Charla Huber/News staff Dan O’Connell

Apple lovers seek to save historic trees

DND OK’s Metchosin taking over care of orchard planted by pioneer Robert Weir

Apple enthusiasts endeavour to regrow and preserve the legacy of heritage apple trees on Department of National Defence land.

Just in time for fall to descend, DND OK’d the municipality to restore the orchard planted by Metchosin pioneer Robert Weir.

The 19 heritage trees are on 7,900 square metres of land off William Head Road next to the correctional facility. Weir sailed to Metchosin from England in 1853 and purchased the land from the Hudson Bay Company.

“This will help preserve the heritage apples here in Metchosin,” said Coun. Larry Tremblay standing in Weir’s Orchard. “This is the earliest land the Hudson Bay Company could sell as private lots.”

Later the land was used as a quarantine station for Chinese labourers before being used by DND.

The apple trees remained a constant, surviving to today produce big, round, shiny, red apples.

When Dan O’Connell, president of the Metchosin Pomological Society, discovered it years ago, he felt compelled to preserve the 160-year-old trees, their fruit and their legacy. The trees planted in 1856, are nearly at the end of their lifespan. O’Connell plans to take healthy young branches to graft onto new trunks to duplicate the trees.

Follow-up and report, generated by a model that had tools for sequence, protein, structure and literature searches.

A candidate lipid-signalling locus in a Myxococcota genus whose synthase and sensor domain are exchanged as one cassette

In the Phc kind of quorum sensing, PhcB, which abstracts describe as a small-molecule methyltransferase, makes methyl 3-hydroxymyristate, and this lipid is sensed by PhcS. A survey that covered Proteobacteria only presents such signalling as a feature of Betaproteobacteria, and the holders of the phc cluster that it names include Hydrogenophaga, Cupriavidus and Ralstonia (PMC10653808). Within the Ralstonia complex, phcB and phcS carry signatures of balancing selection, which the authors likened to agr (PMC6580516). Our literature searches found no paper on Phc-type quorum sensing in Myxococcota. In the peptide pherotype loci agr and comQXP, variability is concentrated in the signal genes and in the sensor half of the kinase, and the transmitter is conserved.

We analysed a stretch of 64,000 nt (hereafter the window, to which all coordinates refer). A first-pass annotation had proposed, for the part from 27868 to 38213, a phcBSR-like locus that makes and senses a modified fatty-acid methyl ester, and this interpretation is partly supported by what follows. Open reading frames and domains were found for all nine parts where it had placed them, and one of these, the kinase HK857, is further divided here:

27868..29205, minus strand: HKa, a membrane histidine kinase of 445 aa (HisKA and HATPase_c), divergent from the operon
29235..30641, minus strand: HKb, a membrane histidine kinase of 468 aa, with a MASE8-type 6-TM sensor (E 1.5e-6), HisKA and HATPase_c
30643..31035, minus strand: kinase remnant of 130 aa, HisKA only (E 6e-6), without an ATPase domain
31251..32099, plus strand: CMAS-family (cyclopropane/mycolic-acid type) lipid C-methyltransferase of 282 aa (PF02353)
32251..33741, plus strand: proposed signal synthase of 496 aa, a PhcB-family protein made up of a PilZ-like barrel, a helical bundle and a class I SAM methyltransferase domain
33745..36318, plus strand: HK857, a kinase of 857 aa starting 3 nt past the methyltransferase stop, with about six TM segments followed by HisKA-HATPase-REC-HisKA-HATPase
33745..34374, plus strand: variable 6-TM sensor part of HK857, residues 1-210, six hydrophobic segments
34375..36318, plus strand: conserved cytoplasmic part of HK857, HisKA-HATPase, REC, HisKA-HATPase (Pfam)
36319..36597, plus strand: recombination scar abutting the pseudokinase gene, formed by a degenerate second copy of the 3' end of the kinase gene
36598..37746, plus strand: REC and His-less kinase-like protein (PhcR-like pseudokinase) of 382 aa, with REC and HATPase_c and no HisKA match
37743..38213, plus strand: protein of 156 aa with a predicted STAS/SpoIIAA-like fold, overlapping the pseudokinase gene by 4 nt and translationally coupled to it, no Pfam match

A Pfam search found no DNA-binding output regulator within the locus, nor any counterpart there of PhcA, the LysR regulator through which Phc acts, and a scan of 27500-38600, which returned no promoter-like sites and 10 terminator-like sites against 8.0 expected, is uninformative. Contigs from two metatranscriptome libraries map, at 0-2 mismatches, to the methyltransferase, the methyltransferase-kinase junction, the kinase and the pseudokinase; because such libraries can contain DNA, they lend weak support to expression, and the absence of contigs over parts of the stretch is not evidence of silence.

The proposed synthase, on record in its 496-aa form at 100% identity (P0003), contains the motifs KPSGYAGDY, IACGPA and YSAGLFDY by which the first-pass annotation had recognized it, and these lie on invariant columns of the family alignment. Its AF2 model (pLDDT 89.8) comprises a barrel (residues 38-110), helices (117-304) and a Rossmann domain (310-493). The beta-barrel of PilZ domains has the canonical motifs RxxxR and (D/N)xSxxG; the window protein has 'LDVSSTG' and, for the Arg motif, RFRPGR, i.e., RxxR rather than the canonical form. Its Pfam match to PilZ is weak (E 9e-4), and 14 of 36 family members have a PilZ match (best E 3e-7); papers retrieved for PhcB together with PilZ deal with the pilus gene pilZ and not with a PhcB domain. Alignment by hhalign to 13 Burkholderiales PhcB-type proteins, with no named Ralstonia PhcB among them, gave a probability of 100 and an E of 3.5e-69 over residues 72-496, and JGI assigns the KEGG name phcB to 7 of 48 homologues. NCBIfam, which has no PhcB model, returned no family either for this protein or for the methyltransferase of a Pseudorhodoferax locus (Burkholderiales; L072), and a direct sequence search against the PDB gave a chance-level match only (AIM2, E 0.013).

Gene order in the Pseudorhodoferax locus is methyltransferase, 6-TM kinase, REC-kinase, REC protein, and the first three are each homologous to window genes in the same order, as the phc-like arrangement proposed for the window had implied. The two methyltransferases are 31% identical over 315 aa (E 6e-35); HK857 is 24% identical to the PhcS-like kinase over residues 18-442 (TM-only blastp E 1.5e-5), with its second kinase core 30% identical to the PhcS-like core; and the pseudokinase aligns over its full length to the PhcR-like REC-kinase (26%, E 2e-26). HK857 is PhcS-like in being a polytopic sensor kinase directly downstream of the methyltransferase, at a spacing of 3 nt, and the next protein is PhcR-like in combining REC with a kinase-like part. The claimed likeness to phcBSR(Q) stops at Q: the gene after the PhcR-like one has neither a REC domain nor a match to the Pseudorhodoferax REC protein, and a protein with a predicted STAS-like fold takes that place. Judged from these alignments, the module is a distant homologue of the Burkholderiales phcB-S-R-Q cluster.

He’ll combine the branch and trunk, bind them and then seal with wax. The connecting of cambium, a thin layer under the bark, is what eventually helps grow a new tree.

“It’s a real art and it needs to be cut at the right angle for it to match,” O’Connell said. “You have to make sure you wrap it well, because as soon as you plant it a big fat bird will sit on it and could ruin your graft.”

Grafting offers a higher success rate than planting seeds. “If you take an apple seed and plant it you have a one in 1,000 or 10,000 chance of it growing,” O’Connell said.

So far he has three unsuccessful grafts, but he plans to try again next spring.

Volunteers will also prune the trees, and help prevent disease and pests in the orchard.

“We have to cut off the branches of the trees with tent caterpillars on them and then burn them,” said O’Connell.

Inmates from the William Head Institution will help on the project by reducing invasive species in the orchard including Scotch broom and blackberries.

Metchosin celebrates its apple fest this weekend.